Coupons, Coupons, Coupons

Written by Dave Balch

Coupons can be a great way to promote, increase, and improve your business. They can be used to entice new customers, move hard-to-sell merchandise, "time-shift" your customers by getting them to come in during traditionally slow times, or as a stand-alone product when sold as gift certificates.

And, what could be simpler? Print a piece of paper and it's done. Right?


Coupons can get much more complicated than you might think. What restrictions do you want to impose? Good on certain days? Certain hours? Is there a minimum purchase required? What about 'rain-checks' ifrepparttar promoted merchandise is temporarily unavailable?

What aboutrepparttar 125018 structure ofrepparttar 125019 offer? Buy-one-get-one-free? Percentage discount, flat dollar-amount discount, or special one-time only price? Shouldrepparttar 125020 coupon expire?

Lots of questions, but how should you go about making all of these decisions?

Start atrepparttar 125021 beginning: before you do anything else, decide exactly what you want to accomplish with your offer. Do you want to increase sales, get new customers, introduce a new product or service, userepparttar 125022 coupon as a product in and of itself (as in "gift certificate"), or ??? It is imperative that you make this determination first because all ofrepparttar 125023 other coupon-related decisions depend on it.

When you finally do come up withrepparttar 125024 parameters of your offer, be sure that it is reasonable and easy to take advantage of. I remember seeing a restaurant coupon for $2 offrepparttar 125025 bill, but there were so many restrictions that I almost laughed out loud. You practically had to be an attorney to decipherrepparttar 125026 offer; it was good during certain hours on certain days ofrepparttar 125027 week, for parties of 4 or more (adults only, kids don't count), meals must meet certain minimums, and so on. It was ludicrous. They apparently wanted to stimulate business, but I can't imagine that ANYone EVER took advantage ofrepparttar 125028 offer. (It may be significant to note thatrepparttar 125029 restaurant in question failed.)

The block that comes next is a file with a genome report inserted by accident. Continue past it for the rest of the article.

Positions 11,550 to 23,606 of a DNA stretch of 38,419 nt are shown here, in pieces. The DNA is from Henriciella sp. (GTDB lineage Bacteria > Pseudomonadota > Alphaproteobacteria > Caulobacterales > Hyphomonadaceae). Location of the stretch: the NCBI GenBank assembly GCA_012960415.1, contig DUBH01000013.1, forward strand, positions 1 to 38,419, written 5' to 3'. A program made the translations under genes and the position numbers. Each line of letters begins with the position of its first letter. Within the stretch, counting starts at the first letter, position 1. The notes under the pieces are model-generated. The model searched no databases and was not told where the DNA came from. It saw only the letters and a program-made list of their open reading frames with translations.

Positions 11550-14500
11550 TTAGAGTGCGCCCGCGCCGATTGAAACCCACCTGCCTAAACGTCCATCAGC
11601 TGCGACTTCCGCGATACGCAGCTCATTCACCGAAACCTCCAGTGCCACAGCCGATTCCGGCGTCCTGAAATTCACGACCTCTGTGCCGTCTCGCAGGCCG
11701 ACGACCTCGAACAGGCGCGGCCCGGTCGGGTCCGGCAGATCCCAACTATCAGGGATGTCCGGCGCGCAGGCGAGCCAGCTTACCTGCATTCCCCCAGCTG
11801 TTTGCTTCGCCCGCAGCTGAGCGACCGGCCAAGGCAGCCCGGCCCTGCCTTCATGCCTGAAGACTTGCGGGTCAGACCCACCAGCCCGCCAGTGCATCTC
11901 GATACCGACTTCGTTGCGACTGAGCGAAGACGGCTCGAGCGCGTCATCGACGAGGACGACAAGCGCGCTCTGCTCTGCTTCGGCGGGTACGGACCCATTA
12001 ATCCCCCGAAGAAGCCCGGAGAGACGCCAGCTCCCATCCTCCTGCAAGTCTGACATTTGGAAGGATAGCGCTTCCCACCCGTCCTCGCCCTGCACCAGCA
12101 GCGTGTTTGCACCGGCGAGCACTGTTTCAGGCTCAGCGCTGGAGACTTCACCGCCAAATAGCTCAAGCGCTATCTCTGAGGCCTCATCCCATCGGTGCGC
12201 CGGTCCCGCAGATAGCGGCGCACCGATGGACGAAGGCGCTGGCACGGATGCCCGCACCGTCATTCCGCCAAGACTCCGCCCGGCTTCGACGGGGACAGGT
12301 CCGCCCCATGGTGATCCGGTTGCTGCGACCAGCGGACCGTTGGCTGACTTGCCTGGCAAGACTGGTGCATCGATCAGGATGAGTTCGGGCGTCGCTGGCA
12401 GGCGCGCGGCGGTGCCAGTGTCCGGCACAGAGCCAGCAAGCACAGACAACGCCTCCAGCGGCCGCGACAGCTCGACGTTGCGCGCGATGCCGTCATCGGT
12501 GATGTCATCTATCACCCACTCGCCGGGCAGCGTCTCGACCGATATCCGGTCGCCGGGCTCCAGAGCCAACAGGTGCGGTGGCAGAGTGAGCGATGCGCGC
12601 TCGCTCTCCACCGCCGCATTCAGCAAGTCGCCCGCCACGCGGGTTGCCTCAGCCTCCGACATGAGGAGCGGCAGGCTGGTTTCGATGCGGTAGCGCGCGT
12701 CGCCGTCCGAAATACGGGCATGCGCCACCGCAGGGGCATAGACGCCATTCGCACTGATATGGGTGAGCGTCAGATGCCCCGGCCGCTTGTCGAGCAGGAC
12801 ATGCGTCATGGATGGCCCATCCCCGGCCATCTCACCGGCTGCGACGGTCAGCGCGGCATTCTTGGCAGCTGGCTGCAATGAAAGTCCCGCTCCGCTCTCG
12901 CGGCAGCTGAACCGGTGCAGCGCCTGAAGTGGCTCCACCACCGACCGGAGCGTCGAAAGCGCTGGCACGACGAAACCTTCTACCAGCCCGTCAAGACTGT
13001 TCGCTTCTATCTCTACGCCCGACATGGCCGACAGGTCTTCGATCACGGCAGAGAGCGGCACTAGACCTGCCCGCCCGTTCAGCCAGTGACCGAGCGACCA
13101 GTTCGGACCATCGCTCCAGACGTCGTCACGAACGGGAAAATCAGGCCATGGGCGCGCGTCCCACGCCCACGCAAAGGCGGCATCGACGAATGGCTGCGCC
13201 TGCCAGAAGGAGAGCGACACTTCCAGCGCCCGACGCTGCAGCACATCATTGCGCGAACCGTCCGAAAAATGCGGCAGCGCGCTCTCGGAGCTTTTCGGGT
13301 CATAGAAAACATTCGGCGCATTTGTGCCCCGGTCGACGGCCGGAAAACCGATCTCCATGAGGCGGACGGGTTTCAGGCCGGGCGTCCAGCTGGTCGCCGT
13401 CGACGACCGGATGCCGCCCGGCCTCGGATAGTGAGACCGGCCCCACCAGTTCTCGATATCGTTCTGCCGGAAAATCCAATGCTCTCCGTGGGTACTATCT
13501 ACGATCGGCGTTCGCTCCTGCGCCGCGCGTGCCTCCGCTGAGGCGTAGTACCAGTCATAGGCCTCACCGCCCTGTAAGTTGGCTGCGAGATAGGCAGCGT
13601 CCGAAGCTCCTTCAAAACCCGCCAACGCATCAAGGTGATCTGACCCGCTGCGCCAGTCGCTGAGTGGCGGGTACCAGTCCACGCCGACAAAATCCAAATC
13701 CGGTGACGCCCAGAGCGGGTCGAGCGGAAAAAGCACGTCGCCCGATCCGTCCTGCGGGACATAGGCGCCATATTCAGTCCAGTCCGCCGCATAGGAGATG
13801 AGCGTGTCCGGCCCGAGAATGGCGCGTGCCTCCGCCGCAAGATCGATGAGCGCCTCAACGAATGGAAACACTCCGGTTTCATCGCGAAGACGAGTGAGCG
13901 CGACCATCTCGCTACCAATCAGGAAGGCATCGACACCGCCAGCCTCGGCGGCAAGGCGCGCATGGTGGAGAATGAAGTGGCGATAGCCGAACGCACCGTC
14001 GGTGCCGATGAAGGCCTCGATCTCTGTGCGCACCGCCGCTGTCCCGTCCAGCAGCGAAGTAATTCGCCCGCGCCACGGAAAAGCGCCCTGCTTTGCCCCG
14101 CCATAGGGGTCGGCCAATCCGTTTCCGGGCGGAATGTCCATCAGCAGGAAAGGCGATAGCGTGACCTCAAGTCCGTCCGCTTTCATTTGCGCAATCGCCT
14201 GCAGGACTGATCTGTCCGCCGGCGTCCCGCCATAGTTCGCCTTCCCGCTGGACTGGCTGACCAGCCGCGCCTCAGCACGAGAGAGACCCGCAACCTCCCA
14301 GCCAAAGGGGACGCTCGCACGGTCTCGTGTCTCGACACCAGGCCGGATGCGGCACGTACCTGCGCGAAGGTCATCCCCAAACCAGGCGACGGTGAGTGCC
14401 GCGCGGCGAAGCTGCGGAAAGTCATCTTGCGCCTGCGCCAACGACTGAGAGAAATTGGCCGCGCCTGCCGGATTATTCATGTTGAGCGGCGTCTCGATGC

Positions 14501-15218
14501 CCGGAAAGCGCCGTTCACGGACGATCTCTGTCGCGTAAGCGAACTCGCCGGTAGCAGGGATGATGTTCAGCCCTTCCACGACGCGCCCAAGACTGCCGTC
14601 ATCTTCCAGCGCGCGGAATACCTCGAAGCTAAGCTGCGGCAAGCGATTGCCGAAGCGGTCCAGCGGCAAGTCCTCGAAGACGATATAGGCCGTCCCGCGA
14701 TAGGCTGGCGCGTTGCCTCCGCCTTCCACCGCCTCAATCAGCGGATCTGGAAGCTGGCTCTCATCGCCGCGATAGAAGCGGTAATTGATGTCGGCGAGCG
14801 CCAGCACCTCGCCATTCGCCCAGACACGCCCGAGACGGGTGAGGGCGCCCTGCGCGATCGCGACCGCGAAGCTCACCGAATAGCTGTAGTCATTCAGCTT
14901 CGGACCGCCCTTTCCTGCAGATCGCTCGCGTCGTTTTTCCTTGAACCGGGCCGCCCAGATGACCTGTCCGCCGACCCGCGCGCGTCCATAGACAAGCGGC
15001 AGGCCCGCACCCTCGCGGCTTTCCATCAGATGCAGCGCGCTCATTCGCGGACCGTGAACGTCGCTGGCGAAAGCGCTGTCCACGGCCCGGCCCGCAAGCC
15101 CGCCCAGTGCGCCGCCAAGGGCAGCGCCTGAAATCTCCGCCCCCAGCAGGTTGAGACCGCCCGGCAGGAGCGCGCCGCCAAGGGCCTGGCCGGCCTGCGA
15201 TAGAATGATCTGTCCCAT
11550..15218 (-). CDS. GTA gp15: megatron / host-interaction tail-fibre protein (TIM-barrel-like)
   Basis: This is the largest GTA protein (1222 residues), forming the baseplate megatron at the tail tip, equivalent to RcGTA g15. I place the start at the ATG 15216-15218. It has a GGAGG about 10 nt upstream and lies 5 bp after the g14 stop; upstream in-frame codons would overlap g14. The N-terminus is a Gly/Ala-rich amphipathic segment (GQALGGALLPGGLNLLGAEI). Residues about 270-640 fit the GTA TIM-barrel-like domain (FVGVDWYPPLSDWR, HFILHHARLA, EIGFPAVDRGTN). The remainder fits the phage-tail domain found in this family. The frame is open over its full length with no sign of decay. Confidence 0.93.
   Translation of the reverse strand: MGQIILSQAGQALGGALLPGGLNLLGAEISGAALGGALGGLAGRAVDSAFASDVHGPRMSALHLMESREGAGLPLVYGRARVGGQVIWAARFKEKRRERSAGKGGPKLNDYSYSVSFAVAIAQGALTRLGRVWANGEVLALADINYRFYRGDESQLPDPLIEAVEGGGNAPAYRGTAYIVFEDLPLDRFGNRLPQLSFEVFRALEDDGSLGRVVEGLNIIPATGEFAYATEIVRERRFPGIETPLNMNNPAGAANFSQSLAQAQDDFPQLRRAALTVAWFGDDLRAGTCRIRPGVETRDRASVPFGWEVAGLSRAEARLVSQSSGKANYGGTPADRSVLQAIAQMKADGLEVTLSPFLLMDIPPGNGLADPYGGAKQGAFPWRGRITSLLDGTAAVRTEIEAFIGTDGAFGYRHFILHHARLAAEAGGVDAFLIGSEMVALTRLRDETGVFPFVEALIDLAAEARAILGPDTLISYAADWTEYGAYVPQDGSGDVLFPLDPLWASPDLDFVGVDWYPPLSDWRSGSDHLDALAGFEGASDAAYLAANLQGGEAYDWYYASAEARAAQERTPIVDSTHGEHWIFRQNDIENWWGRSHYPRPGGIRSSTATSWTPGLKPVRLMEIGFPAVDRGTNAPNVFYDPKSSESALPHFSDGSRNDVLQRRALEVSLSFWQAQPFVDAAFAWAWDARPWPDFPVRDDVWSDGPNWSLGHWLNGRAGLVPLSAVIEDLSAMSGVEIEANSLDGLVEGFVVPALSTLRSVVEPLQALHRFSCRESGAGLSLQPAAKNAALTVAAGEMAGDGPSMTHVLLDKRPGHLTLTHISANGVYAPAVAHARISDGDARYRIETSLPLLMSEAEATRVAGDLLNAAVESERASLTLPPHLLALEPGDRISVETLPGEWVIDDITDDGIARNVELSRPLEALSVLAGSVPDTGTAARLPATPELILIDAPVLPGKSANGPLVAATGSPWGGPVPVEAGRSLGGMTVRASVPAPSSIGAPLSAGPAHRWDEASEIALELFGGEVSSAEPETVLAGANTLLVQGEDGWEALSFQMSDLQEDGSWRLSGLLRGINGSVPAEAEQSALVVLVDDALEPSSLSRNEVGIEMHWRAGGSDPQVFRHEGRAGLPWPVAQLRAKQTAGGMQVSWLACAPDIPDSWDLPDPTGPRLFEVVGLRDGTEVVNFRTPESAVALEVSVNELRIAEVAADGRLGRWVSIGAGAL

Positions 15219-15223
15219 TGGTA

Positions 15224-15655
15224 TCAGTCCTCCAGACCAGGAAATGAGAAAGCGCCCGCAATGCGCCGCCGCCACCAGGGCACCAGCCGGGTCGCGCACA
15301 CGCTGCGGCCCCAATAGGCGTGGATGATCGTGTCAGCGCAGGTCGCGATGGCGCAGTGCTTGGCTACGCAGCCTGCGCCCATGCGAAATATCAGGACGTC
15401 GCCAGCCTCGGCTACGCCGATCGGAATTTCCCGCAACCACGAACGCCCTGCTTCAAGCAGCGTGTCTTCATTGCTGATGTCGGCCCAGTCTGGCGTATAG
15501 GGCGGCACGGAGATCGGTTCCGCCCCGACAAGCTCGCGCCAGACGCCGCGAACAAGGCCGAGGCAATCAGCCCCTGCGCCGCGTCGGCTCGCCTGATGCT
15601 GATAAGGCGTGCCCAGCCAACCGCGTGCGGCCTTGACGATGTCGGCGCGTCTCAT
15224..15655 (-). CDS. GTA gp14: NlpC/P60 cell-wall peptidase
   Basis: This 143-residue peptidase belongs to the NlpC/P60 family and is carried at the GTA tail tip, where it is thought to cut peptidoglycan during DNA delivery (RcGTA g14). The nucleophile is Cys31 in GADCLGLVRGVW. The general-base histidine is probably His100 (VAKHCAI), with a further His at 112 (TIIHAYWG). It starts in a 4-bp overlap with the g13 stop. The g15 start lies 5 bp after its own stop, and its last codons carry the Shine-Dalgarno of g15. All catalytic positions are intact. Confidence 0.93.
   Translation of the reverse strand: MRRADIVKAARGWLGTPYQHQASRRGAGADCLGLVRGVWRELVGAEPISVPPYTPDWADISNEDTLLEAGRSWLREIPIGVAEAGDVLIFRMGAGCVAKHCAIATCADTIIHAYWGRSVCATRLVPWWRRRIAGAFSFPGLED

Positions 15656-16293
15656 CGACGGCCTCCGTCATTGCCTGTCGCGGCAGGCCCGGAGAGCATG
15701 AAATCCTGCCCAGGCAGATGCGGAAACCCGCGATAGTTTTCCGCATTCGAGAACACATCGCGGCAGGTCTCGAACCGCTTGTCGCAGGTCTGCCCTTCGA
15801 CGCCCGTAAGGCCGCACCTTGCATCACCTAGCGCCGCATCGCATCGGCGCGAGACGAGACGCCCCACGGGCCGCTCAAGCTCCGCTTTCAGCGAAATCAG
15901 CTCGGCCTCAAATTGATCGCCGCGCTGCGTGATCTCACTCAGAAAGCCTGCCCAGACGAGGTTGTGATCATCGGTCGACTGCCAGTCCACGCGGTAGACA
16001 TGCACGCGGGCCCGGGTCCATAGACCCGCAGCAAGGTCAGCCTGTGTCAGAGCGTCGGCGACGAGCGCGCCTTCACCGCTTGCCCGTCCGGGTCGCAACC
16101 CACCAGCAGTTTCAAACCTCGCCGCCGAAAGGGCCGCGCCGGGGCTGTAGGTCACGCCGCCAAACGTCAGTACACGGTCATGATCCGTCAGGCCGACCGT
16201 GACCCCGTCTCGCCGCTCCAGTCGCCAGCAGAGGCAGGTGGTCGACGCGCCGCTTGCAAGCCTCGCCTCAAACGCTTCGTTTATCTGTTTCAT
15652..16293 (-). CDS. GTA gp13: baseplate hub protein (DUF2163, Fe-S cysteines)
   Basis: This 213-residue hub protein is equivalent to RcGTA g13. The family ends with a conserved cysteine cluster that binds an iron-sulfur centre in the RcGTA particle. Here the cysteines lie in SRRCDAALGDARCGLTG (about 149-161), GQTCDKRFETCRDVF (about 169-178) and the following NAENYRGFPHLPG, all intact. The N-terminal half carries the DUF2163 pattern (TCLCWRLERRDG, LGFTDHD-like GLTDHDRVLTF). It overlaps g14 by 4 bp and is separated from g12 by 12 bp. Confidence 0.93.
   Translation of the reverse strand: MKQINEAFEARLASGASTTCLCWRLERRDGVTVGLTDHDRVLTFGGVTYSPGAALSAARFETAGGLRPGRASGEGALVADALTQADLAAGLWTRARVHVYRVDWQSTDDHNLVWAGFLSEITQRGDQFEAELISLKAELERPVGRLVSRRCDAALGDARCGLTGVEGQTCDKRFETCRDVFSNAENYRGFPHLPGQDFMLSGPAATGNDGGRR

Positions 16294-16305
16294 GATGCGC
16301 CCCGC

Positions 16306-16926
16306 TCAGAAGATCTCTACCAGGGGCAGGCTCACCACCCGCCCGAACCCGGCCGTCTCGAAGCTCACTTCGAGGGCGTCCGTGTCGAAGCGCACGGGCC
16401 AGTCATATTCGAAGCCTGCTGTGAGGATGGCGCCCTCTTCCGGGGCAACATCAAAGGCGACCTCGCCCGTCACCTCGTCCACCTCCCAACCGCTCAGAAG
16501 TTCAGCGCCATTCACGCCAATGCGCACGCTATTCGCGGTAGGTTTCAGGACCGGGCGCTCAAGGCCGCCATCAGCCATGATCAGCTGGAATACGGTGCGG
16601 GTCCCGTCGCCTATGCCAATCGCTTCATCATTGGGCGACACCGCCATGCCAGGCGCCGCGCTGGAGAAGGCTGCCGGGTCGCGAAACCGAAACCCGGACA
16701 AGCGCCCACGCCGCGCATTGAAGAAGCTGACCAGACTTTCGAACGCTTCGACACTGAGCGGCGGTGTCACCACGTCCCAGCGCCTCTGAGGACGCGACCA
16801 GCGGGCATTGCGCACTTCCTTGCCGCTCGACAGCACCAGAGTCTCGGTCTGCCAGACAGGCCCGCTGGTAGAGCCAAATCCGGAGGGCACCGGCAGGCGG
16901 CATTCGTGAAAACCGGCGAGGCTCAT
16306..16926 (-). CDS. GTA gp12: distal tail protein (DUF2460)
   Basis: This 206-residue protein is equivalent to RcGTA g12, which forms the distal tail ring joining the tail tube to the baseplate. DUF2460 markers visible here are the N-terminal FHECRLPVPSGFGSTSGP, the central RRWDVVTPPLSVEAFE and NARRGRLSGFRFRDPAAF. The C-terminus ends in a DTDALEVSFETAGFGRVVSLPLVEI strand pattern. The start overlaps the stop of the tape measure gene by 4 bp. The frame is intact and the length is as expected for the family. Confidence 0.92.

The Local Business Owner and Web-based Marketing. What Are They Waiting For?

Written by By Tim Charles

The Local Business Owner and Web-based Marketing. What Are They Waiting For?

Way back inrepparttar 1990's, (your remember) duringrepparttar 125017 spectacular growth and hype ofrepparttar 125018 Internet, one group in particular learned to doubt they neededrepparttar 125019 Internet as a new marketing tool -repparttar 125020 local business owner.

While many simply ignored it as a game for larger businesses, there were those who bravely set out to explorerepparttar 125021 possibilities. Unfortunately, many of these local business web-marketing pioneers ended up wishing they had ignored it too.

What happened? Why do many who tried web-based marketing for their local businesses feel burned, or at best, skeptical?

For starters, somebody forgot to tell them it required marketing. The "build it and they will come" theory prevailed. Instead of being a marketing driven, these early attempts were frequently, and solely, put intorepparttar 125022 hands of web designers.

Now don't get me wrong. The designers did their job. Many sites were built. Basic functions performed smoothly. Evenrepparttar 125023 site email workedů and a few local business owners could be heard bragging - "I got a web site."

Thenů nothing. Neither current nor potential customers were visiting, let alone taking any kind of buying action at these web sites.

The business owner, likely applyingrepparttar 125024 same thinking they used aboutrepparttar 125025 Yellow Pages (put it out there, and they'll find me), grew frustrated, then angry. Problem was, consumers had long ago become accustomed to usingrepparttar 125026 phone book as a source of information about local businesses. Using a web site was a different story.

"Web site? " they might ask, "How do I find it?" Such comments often conveyedrepparttar 125027 gap between having a site that could fulfill its promise and having a site that did nothing but add an expense.

While much of this happened just a few years ago, a lot has already changed. Many more consumers have grown comfortable usingrepparttar 125028 Internet as a source for local information, and these numbers will grow. Unfortunately,repparttar 125029 residual 'bad taste' lingers among many who operate inrepparttar 125030 local business arena today.

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